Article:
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Dynamic Modelling of Pathways to Cellular Senescence Reveals Strategies for Targeted Interventions

Lookup NU author(s): Dr Piero Dalle Pezze, Dr Glyn Nelson, Gisela Otten, Dr Viktor Korolchuk, Emeritus Professor Thomas Kirkwood, Professor Thomas von Zglinicki, Dr Daryl Shanley

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This work is licensed under a Creative Commons Attribution 4.0 International License (CC BY 4.0).


Abstract

Cellular senescence, a state of irreversible cell cycle arrest, is thought to help protect an organism from cancer, yet also contributes to ageing. The changes which occur in senescence are controlled by networks of multiple signalling and feedback pathways at the cellular level, and the interplay between these is difficult to predict and understand. To unravel the intrinsic challenges of understanding such a highly networked system, we have taken a systems biology approach to cellular senescence. We report a detailed analysis of senescence signalling via DNA damage, insulin-TOR, FoxO3a transcription factors, oxidative stress response, mitochondrial regulation and mitophagy. We show in silico and in vitro that inhibition of reactive oxygen species can prevent loss of mitochondrial membrane potential, whilst inhibition of mTOR shows a partial rescue of mitochondrial mass changes during establishment of senescence. Dual inhibition of ROS and mTOR in vitro confirmed computational model predictions that it was possible to further reduce senescence-induced mitochondrial dysfunction and DNA double-strand breaks. However, these interventions were unable to abrogate the senescence-induced mitochondrial dysfunction completely, and we identified decreased mitochondrial fission as the potential driving force for increased mitochondrial mass via prevention of mitophagy. Dynamic sensitivity analysis of the model showed the network stabilised at a new late state of cellular senescence. This was characterised by poor network sensitivity, high signalling noise, low cellular energy, high inflammation and permanent cell cycle arrest suggesting an unsatisfactory outcome for treatments aiming to delay or reverse cellular senescence at late time points. Combinatorial targeted interventions are therefore possible for intervening in the cellular pathway to senescence, but in the cases identified here, are only capable of delaying senescence onset.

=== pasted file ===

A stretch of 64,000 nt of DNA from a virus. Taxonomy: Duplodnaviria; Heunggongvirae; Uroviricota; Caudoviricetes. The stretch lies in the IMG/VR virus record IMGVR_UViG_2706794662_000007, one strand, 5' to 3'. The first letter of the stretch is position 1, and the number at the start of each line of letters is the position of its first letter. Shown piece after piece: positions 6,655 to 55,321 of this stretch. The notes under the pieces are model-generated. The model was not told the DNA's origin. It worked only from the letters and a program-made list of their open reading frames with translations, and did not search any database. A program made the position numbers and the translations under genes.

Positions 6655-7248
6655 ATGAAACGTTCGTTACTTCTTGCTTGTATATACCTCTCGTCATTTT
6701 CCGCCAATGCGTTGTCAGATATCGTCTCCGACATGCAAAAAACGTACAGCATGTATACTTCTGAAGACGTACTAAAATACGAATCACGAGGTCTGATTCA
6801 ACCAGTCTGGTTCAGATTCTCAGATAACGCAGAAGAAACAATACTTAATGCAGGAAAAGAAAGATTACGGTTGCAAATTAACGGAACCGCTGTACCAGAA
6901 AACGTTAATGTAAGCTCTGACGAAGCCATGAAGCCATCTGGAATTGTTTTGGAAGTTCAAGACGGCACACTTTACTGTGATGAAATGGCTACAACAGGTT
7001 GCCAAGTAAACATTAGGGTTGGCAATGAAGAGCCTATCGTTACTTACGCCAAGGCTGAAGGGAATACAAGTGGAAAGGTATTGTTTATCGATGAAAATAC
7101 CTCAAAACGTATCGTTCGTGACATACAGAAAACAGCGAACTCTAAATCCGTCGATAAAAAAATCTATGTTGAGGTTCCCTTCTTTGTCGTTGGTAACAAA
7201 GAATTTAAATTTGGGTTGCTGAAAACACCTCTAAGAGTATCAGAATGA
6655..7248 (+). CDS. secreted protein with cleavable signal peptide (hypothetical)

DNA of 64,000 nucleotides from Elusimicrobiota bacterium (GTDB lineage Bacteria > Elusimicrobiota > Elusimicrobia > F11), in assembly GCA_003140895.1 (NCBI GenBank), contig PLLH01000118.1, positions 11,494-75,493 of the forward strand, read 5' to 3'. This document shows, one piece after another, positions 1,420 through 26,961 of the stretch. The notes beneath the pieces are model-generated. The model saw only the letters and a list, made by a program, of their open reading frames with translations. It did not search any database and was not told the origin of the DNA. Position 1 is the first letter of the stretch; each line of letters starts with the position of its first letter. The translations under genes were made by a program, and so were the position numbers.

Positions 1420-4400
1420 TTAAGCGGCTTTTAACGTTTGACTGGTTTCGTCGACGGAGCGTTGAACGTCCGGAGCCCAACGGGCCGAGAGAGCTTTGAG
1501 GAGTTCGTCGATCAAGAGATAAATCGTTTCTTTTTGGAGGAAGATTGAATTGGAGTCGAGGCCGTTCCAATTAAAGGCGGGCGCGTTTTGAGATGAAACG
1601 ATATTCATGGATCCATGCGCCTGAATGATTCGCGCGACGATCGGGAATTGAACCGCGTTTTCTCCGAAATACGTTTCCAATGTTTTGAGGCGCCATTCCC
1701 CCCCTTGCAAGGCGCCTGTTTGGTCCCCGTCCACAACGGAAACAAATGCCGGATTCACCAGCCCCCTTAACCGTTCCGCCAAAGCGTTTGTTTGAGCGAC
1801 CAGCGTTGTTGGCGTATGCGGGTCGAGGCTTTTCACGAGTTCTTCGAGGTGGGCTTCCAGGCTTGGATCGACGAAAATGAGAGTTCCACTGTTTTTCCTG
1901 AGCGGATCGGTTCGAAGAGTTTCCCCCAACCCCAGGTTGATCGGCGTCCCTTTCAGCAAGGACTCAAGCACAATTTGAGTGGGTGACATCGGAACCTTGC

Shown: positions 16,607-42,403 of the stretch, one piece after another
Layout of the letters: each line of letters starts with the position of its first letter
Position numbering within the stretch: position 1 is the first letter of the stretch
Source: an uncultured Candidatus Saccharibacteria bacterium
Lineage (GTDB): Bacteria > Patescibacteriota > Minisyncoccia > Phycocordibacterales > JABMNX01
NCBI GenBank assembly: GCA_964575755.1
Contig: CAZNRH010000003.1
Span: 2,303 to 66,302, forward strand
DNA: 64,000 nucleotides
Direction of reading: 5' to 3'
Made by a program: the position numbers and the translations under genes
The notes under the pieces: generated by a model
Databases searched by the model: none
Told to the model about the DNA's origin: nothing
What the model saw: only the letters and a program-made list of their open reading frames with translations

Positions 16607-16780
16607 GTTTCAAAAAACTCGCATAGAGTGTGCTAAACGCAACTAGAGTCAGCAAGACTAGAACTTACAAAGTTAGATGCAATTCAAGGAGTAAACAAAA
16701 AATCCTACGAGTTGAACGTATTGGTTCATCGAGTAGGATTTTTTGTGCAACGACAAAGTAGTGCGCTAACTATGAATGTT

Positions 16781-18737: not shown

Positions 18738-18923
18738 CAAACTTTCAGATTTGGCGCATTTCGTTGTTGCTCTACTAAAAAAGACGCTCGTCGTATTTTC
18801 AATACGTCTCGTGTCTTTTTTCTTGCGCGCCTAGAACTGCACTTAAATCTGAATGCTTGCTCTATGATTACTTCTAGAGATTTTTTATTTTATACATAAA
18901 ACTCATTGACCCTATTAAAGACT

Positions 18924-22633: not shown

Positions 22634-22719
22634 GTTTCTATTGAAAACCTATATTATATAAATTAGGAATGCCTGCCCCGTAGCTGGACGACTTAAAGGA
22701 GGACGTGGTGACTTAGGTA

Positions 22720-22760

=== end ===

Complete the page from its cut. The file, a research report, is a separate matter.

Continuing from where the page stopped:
Publication metadata

Author(s): Dalle Pezze P, Nelson G, Otten EG, Korolchuk VI, Kirkwood TBL, von Zglinicki T, Shanley DP

Publication type: Article

Publication status: Published

Journal: PLoS Computational Biology

Year: 2014

Volume: 10

Issue: 8

Online publication date: 28/08/2014

Acceptance date: 04/06/2014

Date deposited: 20/11/2014

ISSN (print): 1553-734X

ISSN (electronic): 1553-7358

Publisher: Public Library of Science

URL: http://dx.doi.org/10.1371/journal.pcbi.1003728

DOI: 10.1371/journal.pcbi.1003728


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